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The Nitty Gritty on Federal Rent Relief

Anchin in the News December 22, 2020Originally Published By The Real Deal
Anchin Partner Mentioned: Robert S. Gilman

The Nitty Gritty on Federal Rent Relief

As the multifamily sector welcomed the inclusion of $25 billion in rental assistance in the federal relief package, it rushed to decipher the 5,000-page bill.

Here are some key details.

The funds will be meted out by eligible states and localities, which are tasked with designing means-tested programs along the federal guidelines.

But the funds themselves, from the U.S. Treasury Department, may take a month to arrive. That means renters and landlords should not expect a check until late January at the earliest.

The rent relief will be apportioned not only to states, but to cities with populations greater than 500,000, based on their share of the overall U.S. population. That means more populous states like New York, Florida and California will get a bigger slice — $1.3 billion, $1.4 billion and $2.6 billion, respectively — of the $25 billion rent-relief pie.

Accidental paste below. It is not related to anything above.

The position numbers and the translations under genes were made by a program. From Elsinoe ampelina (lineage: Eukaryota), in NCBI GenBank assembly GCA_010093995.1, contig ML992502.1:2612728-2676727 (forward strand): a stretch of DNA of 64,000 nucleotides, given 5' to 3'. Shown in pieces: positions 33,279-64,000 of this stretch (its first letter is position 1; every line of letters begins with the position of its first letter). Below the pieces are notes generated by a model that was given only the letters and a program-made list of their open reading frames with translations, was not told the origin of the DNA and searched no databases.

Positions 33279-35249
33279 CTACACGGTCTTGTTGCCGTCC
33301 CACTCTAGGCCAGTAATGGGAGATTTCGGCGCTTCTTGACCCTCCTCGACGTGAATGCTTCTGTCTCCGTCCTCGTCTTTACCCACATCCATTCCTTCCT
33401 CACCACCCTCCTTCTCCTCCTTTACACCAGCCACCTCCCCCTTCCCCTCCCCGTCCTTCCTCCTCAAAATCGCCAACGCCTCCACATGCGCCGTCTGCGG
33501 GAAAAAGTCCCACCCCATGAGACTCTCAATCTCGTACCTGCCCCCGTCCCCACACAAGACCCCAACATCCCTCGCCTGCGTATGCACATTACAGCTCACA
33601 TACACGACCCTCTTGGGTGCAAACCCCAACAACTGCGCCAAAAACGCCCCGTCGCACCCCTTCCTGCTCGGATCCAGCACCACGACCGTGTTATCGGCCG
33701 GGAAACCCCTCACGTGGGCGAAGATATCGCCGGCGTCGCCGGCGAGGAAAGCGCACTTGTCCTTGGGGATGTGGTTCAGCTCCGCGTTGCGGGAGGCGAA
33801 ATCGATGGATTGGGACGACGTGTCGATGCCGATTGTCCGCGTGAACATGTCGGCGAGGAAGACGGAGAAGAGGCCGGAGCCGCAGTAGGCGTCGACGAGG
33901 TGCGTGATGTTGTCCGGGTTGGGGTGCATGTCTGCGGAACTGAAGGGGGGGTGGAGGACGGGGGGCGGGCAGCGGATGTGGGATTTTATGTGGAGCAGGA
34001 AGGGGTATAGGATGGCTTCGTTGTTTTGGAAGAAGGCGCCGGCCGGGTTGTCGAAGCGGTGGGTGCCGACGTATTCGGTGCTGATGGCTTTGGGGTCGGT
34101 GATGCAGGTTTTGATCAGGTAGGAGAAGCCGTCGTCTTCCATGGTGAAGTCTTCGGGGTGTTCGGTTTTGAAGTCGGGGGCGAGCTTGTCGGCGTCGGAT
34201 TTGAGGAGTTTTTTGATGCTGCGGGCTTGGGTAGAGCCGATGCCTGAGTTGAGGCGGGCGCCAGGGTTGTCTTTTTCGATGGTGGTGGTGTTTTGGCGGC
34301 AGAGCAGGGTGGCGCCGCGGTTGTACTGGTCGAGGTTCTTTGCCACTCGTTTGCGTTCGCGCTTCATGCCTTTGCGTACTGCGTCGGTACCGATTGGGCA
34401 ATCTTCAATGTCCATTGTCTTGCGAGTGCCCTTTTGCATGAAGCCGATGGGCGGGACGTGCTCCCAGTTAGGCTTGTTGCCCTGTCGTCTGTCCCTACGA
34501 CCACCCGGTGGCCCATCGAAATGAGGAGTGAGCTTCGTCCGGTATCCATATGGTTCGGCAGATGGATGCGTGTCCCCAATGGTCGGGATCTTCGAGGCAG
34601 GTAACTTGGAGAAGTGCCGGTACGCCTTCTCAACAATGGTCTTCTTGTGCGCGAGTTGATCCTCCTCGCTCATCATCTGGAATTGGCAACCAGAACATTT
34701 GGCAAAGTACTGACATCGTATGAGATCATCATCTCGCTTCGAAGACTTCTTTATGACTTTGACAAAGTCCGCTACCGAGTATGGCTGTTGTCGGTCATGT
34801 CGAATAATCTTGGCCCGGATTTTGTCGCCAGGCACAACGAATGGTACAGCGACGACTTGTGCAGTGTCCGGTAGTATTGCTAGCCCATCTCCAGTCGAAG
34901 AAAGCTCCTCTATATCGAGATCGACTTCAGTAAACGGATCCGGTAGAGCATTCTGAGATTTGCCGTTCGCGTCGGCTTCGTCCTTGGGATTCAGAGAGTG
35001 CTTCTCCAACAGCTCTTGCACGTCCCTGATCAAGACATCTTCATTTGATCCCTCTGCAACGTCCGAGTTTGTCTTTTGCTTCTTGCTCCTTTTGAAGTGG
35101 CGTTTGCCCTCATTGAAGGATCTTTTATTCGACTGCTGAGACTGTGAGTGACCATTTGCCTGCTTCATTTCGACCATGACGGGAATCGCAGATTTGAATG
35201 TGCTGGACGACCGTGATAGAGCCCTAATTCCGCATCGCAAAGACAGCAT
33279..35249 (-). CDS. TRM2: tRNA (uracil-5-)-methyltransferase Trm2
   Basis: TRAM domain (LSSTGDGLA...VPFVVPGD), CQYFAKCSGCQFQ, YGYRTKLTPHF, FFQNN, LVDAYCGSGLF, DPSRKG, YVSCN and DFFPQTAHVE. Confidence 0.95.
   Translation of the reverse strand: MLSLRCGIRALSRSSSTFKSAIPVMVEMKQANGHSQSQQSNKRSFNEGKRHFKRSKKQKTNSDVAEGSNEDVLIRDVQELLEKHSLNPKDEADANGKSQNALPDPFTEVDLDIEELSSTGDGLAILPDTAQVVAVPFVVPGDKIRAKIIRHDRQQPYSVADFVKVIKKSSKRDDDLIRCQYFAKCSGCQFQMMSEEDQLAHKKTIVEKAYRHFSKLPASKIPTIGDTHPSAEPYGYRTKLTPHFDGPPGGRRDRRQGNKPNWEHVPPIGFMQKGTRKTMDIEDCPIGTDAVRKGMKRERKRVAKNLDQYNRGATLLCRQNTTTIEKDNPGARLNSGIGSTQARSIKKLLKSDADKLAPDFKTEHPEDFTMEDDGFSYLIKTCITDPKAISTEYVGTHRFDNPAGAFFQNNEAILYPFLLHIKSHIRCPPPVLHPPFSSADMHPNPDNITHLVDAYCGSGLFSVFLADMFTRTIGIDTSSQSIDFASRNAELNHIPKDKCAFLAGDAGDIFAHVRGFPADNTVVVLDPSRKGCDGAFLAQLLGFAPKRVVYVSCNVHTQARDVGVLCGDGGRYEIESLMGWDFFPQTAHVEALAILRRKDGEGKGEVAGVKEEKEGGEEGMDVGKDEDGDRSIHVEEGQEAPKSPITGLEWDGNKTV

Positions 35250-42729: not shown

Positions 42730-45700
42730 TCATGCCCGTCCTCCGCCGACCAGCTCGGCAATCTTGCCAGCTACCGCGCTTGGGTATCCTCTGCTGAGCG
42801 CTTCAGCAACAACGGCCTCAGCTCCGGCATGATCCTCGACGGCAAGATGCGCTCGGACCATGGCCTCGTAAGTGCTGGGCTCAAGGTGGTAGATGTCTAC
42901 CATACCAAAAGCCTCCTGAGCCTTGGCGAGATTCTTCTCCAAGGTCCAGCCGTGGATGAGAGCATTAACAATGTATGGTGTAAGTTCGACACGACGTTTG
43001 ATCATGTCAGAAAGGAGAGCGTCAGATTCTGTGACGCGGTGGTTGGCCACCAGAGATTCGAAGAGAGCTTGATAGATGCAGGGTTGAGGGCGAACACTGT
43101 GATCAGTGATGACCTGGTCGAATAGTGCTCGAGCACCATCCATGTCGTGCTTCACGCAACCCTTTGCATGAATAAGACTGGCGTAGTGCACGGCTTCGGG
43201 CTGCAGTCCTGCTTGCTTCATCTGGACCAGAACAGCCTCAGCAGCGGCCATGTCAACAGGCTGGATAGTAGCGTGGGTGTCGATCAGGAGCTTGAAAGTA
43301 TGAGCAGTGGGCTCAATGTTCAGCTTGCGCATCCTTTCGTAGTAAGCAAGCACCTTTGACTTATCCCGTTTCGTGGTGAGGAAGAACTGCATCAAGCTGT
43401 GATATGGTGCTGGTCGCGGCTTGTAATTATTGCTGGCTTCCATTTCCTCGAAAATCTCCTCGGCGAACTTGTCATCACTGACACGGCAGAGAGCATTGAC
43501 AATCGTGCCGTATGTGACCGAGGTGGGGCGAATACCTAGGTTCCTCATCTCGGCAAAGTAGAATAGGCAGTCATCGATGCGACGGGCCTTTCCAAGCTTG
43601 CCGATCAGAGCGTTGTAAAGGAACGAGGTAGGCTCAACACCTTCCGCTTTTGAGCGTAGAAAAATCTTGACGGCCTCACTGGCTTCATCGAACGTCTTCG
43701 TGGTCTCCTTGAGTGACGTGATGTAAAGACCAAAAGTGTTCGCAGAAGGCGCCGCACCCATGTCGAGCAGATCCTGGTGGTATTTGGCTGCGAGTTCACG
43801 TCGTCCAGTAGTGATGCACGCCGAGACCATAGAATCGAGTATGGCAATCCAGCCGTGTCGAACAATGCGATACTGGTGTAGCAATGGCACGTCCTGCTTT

But New York will end up short changed because tenants make up such a high percentage of its population. About two-thirds of New York City dwellings are rentals, roughly twice the U.S. average.

 As a result, California will get twice as much rent relief as New York despite having only about 38 percent more tenants: 18 million to New York’s 13 million.

Rental payments have stayed remarkably steady during the pandemic, but it’s unknown how long rents can keep flowing. Federal unemployment benefits in the aid bill, up to $300 per week, will help, especially if tenants continue to prioritize paying the rent over other expenses.

 “It’s something,” Robert Gilman, who co-chairs the real estate group at public accounting firm Anchin, said of the rental relief. “But my concern in general is that people have gone months without extra money.”

The relief may not arrive soon enough for some landlords, especially as the deadline for paying property taxes draws near. Gilman said that while property owners had set aside money to make property tax payments in July, some were expecting additional aid in the form of tax breaks, and may have entered into forbearance agreements with no requirement to escrow property taxes. Those tax breaks didn’t materialize — and with Congress failing to help states and cities balance their budgets, tax hikes may be on the horizon.

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